Quantum of Solace (PS3/360 Review)
Compared to Casino Royale, the Quantum of Solace film was a big let down, so there’s not much hope for the game of the film right? Movie tie-ins are usually average at best.
So it’s a big surprise to find out that the game is actually rather good. Actually it’s very good. The missions take scenes from the last two bond films, not just Quantum. But not in order, as the game plays through Quantum to after the desert sinkhole shootout, then through Casino Royale, then finishing with the remainder of the second film. Yep me neither.
Running on the Call of Duty 4 engine you’d be forgiven for expecting a straight-forward FPS, and that is the standard view. But this has more in common with the Brothers in Arms games, with a snap-to-cover button. This puts the game into a third-person perspective displaying Daniel Craig’s well replicated emotionless features if not his nearly neon blue eyes.
There are some stealth elements to the game, where if you can remain undetected or dispatch guards quietly you’ll get an easier ride through some levels, but you’re never punished with a forced restart if you want to ‘go loud,’ which is the way it should be, giving you the choice.
Crouched down behind pillars and tables is where you’ll spend most time in Quantum, while lining up your cross-hairs to pop up for a head-shot. This keeps you alive longer than trying to play the game like COD4. Even blind-fire works brilliantly and is damn near essential if you want to tackle the 007 (the hardest) difficulty setting.
Instead of melee attacks you’ll perform a ‘takedown’ by matching the on-screen button prompt. Some ‘boss’ battles will put you through a series of these. They’re not hard, just a little yawnsome and feels more like pressing pause and play on the DVD remote than playing a game. Actually... that’s my only real complaint about the whole game.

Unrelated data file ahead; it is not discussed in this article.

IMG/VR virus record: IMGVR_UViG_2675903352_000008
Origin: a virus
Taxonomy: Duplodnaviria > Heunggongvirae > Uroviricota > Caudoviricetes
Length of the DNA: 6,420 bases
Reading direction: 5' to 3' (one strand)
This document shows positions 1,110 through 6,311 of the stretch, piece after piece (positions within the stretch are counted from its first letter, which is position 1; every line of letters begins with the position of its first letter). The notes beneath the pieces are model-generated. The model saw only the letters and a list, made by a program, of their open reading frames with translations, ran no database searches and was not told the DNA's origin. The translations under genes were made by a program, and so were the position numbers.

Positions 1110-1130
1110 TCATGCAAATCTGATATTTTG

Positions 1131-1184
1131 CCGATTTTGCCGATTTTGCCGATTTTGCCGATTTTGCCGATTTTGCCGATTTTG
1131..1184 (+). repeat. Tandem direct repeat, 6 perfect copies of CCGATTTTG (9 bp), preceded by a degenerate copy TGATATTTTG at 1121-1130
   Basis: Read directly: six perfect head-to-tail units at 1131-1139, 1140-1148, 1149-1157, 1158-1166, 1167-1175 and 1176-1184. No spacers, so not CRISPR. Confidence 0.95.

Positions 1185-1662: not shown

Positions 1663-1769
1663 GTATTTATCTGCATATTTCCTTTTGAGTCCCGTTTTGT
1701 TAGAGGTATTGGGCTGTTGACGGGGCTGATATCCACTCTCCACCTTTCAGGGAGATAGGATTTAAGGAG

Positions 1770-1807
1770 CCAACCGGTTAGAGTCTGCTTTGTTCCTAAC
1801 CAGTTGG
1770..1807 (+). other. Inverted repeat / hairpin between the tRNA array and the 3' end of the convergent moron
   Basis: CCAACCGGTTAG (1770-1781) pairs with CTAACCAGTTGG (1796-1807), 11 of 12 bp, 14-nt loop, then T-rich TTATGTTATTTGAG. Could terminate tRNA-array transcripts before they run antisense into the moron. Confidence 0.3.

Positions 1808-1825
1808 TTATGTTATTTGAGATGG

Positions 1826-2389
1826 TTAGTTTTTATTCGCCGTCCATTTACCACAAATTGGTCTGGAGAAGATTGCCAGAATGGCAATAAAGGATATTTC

While Treyarch seem to have nailed the cover mechanic and control set-up it’s baffling to think why it was ballsed up so much by Guerrilla in Killzone 2, with no snap-to-cover button, resulting in an unfamiliar pad set-up or being forced to play with two fingers over the left shoulder buttons. They even took out all cover / lean options online except for ducking, like they knew it couldn’t cut it.
Whereas, online in Quantum the gameplay can be both similar to the main game and typical run-and-gun. There’s the standard online shooter options along with Golden Gun requiring everyone to take down one player and fight over said weapon. Or you might be tasked with playing as Bond and escaping the mercenaries. Surprisingly there are still people playing even now, but there are a decent number of weapons, add-ons and gadgets (not found in the single player game) to work towards.
Before we start calling it a great movie tie-in it’s important to point out that many of the shoot-outs have been included with a little ahem ‘creative license.’ For example, in Casino Royale do you remember after Bond meets Vesper he climbs onto the roof of the speeding train, shoots thugs, jumps onto another train and back again. No? This sort of random gunfight inclusion is clumsily implemented throughout the game, but if you’re just after a quality shooter you won’t care.
On the easiest setting you’ll fly through the game in a long afternoon, but if you do that first then go back though on 007 mode picking up any items and Trophies you missed you’ll find a seriously enjoyable challenge in the best Bond game in years.